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Ranger 3, 4, 5 (Ranger Block 2)

Ranger 3 [NASA]

The basic Ranger Block 2 vehicle was 3.1 m high and consisted of a lunar capsule covered with a balsawood impact-limiter, 65 cm in diameter, a mono-propellant mid-course motor, a 5080-pound thrust retrorocket, and a gold- and chrome-plated hexagonal base 1.5 m in diameter. A large high-gain dish antenna was attached to the base. Two wing-like solar panels (5.2 m across) were attached to the base and deployed early in the flight. Power was generated by 8680 solar cells contained in the solar panels which charged a 11.5 kg 1000 W-hour capacity AgZn launching and backup battery. Spacecraft control was provided by a solid-state computer and sequencer and an earth-controlled command system. Attitude control was provided by Sun and Earth sensors, gyroscopes, and pitch and roll jets. The telemetry system aboard the spacecraft consisted of two 960 MHz transmitters, one at 3 W power output and the other at 50 mW power output, the high-gain antenna, and an omni-directional antenna. White paint, gold and chrome plating, and a silvered plastic sheet encasing the retrorocket furnished thermal control.

The experimental apparatus included:

  • a vidicon television camera, which employed a scan mechanism that yielded one complete frame in 10 s;
  • a gamma-ray spectrometer mounted on a 1.8 m boom;
  • a radar altimeter; and
  • a seismometer to be rough-landed on the lunar surface.

The seismometer was encased in the lunar capsule along with an amplifier, a 50-milliwatt transmitter, voltage control, a turnstile antenna, and 6 silver-cadmium batteries capable of operating the lunar capsule transmitter for 30 days, all designed to land on the Moon at 130 to 160 km/h. The radar altimeter would be used for reflectivity studies, but was also designed to initiate capsule separation and ignite the retro-rocket.

Ranger 3 was designed to transmit pictures of the lunar surface to Earth stations during a period of 10 minutes of flight prior to impacting on the Moon, to rough-land a seismometer capsule on the Moon, to collect gamma-ray data in flight, to study radar reflectivity of the lunar surface, and to continue testing of the Ranger program for development of lunar and interplanetary spacecraft. The mission was designed to boosted towards the Moon by an Atlas/Agena, undergo one mid-course correction, and impact the lunar surface. At the appropriate altitude the capsule was to separate and the retrorockets ignite to cushion the landing. A malfunction in the booster guidance system resulted in excessive spacecraft speed. Reversed command signals caused the spacecraft to pitch in the wrong direction and the TM antenna to lose earth acquisition, and mid-course correction was not possible. Finally a spurious signal during the terminal maneuver prevented transmission of useful TV pictures. Ranger 3 missed the Moon by approximately 36,800 km on 28 January and is now in a heliocentric orbit. Some useful engineering data were obtained from the flight.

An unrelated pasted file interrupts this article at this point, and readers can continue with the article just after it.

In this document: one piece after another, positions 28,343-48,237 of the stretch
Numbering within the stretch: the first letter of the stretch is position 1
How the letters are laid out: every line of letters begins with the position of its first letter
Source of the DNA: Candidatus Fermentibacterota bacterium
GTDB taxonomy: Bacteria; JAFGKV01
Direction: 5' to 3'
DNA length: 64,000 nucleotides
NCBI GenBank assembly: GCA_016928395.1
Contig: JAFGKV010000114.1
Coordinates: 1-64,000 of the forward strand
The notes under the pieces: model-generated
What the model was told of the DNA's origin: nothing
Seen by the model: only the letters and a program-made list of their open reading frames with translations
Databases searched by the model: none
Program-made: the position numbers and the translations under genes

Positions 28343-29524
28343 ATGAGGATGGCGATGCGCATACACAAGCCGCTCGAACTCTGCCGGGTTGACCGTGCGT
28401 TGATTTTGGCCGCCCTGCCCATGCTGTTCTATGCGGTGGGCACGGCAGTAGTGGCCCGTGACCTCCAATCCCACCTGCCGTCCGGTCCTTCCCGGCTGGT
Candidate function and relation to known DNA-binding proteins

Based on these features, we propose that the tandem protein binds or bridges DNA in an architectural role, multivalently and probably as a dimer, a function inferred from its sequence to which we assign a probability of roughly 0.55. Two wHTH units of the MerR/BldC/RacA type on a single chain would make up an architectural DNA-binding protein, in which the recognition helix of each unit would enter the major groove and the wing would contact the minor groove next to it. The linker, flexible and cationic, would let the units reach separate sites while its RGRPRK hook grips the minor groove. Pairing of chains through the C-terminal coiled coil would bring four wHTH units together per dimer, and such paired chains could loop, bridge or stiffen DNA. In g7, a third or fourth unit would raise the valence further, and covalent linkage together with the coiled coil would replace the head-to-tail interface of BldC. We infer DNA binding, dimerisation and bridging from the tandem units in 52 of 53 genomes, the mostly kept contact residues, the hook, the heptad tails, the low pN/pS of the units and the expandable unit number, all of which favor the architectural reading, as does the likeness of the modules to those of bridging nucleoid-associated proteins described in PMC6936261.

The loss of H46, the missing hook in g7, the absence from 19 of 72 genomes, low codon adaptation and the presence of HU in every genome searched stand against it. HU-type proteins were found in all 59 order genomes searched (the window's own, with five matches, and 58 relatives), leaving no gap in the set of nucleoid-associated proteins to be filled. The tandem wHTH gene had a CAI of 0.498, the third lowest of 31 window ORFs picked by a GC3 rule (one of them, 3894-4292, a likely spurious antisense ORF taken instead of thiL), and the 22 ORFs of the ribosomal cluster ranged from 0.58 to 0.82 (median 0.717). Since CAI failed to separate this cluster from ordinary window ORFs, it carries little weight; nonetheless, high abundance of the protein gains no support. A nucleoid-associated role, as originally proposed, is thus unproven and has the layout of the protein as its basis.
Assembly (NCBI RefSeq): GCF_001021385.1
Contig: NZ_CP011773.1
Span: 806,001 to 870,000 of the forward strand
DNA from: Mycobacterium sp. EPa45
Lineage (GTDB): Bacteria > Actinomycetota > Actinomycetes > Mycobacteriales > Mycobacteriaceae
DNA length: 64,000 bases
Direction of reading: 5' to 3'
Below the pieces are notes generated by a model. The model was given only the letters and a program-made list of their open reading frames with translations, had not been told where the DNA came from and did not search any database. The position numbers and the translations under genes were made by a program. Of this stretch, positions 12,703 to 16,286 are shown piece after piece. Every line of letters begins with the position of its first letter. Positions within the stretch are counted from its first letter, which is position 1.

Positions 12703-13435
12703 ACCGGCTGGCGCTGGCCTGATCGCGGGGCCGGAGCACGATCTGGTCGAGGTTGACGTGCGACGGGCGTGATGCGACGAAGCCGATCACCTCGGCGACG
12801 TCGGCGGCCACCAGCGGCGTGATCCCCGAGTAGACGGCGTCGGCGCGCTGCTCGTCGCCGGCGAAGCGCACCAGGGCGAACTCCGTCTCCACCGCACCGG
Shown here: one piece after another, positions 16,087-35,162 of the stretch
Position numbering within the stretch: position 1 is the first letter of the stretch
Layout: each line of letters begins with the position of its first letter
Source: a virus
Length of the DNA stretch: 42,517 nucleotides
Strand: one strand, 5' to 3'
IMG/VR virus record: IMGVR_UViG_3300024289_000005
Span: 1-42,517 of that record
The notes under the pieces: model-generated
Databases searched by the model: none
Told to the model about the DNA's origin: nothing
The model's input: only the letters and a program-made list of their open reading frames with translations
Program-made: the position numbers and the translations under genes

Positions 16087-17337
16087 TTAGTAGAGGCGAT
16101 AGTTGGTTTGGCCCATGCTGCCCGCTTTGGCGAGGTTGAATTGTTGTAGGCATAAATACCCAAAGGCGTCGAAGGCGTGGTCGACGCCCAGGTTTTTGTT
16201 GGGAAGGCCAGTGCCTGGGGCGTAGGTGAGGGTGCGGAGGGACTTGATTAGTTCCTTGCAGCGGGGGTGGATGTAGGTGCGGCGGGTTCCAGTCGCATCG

Ranger 4 was designed to boosted towards the Moon by an Atlas-LV3 Agena-B, undergo one mid-course correction, and impact the lunar surface. At the appropriate altitude the capsule was to separate and the retrorockets ignite to cushion the landing. Due to an apparent failure of a timer in the spacecraft's central computer and sequencer following launch the command signals for the extension of the solar panels and the operation of the sun and earth acquisition system were never given. The instrumentation ceased operation after about 10 hours of flight. The spacecraft was tracked by the battery-powered 50 milliwatt transmitter in the lunar landing capsule. Ranger 4 impacted the far side of the Moon (229.3 degrees E, 15.5 degrees S) at 9600 km/hr at 12:49:53 UT on 26 April 1962 after 64 hours of flight.

Ranger 5 was designed to boosted towards the Moon by an Atlas-LV3 Agena-B, undergo one mid-course correction, and impact the lunar surface. At the appropriate altitude the capsule was to separate and the retrorockets ignite to cushion the landing. Due to an unknown malfunction after injection into lunar trajectory from Earth parking orbit, the spacecraft failed to receive power. The batteries ran down after 8 hours, 44 minutes, rendering the spacecraft inoperable. Ranger 5 missed the Moon by 725 km. It is now in a heliocentric orbit. Gamma-ray data were collected for 4 hours prior to the loss of power.

Nation: USA
Type / Application: Lunar semi-soft lander
Operator: NASA
Contractors: Jet Propulsion Laboratory (JPL)
Equipment:
Configuration:
Propulsion: BE-3 retro motor (landing capsule)
Power: 2 deployable fixed solar arrays, batteries
Lifetime:
Mass: 342 kg
Orbit:
Satellite COSPAR Date LS Launch Vehicle Remarks
Ranger 3 (P 34) 1962 α 1 26.01.1962 CC LC-12 Atlas-LV3 Agena-B
Ranger 4 (P 35) 1962 μ 1 23.04.1962 CC LC-12 Atlas-LV3 Agena-B
Ranger 5 (P 36) 1962 βη 1 18.10.1962 CC LC-12 Atlas-LV3 Agena-B

References:

Further Ranger missions: